The Three Dimensional Model of Counseling

The Three Dimensional Model of Counseling

A team of counsellors who were working for WICHE, Led by Clyde Parker  (1974), proposed a three dimensional model of counsellor function. This model was recognized to be of both practical as well as heuristic value.

For a long time the counselling relationship was described as a face to face and one to one relationship between the counsellor and counselee. But this view has lost much of its force under the mounting pressure of the need for economizing effort and maximizing effect. This has led to outreach intervention, in the form of group counselling. Thus the intervention earlier believed to be only at the individual level has now widened progressively to deal with

1) the individual

2) primary group

3) associational group

4) the institution or community.

This is the first dimension. The target of intervention could be any one of the four. The counsellor may work with the individual, trying to alleviate his personal suffering, or he may work with primary group, such as the family or a small group comprising less than ten members, helping to clarify goals and objective or helping to improve communication channels and the like. Sometimes a counsellor may be called upon to work with a larger group, such as a class in a school.

In this context the counsellor may be participant observer or may help the group apply itself to finding practicable solutions to problems involving teamwork. It may also be necessary for the counsellor to work with an institution or a community.

The purpose of intervention at anyone of the four levels described above may be for

1) remediation

2) prevention

3) acquisition or learning and


This comprises the second dimension. Remediation may involve overcoming a behavioural problem or a habit, such as drug addiction or alcoholism or an adjustmental problem. Prevention may comprise prophylactic action involving a programme of mental hygiene or
mental health. The purpose of intervention may not be one of remediation or prevention. It may involve the acquisition, learning or development of new skills and techniques, knowledge and understanding, attitudes and interests.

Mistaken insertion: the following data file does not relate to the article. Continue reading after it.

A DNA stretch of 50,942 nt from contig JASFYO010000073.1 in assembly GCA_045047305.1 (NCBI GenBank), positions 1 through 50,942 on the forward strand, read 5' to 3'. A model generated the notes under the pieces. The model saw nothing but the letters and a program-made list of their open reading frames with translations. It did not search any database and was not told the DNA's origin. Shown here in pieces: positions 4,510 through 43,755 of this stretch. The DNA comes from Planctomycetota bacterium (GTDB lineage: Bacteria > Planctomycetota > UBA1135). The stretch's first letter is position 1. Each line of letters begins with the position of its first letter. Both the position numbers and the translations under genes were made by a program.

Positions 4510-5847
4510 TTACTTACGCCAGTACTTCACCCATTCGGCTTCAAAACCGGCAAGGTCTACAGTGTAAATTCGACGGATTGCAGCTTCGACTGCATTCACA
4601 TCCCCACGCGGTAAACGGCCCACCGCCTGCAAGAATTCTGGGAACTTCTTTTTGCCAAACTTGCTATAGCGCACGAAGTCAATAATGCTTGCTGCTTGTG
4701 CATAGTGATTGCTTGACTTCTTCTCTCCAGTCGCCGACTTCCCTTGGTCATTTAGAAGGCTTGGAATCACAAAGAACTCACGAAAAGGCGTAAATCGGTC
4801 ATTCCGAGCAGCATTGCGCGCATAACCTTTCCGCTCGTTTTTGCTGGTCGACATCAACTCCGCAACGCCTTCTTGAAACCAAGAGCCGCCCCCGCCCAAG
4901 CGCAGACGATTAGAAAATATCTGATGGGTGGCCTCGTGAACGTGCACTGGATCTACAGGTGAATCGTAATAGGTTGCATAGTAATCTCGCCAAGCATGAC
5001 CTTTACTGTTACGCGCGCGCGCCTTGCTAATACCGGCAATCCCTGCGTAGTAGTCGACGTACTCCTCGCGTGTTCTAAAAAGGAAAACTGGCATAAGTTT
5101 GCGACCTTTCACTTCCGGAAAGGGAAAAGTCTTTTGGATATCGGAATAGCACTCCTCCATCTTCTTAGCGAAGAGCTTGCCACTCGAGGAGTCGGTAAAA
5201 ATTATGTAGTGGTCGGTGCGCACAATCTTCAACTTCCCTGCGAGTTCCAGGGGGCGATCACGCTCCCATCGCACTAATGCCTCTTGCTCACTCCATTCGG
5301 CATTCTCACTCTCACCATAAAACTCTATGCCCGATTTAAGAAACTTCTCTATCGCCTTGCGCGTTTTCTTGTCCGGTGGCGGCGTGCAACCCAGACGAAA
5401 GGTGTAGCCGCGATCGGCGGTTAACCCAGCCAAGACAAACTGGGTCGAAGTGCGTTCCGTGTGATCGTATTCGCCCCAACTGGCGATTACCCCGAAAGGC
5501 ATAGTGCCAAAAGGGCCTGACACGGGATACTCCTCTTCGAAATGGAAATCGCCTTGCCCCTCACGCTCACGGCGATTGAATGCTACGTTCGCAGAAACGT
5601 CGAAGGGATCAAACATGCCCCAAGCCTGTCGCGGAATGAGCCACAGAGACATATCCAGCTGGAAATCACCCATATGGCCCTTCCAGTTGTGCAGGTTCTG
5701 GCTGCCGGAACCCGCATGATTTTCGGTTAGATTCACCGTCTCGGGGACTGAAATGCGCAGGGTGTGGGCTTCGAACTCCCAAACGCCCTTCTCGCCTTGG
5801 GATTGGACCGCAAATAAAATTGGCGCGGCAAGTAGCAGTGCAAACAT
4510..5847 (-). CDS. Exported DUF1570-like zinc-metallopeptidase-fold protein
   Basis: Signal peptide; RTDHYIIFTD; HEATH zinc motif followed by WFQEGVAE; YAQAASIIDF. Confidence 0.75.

The third dimension of the counsellor action concerns the method of intervention. This could be

1) conventional or traditional direct service

2) consultation and training and

3) media approach.

The objective of counselling could be the alleviation of individual suffering, the choice of a
vocational career etc. The method of intervention could be one of assisting the individual directly by discussing with him, by giving him necessary information or counselling him in a face-to- face situation. In recent times another method of intervention through consultation and training has come to be recognized as practical method. In this method of intervention the counsellor may be counselling a small group of individuals and training them, who would in their turn implement the intervention programme to wider or larger groups of individual. The third method of intervention is aimed at much a wider section of the community through different media such as newspaper articles, books, radio, film shows and television.

The three dimensions of counsellor functioning, therefore, concern

1) the target individual, primary group, associational group, and institution or community

2) intervention (the goal or objective of assistance)-remediation, prevention, acquisition and development (learning) and

3) the methods of intervention-direct service, consultation and training and media approach.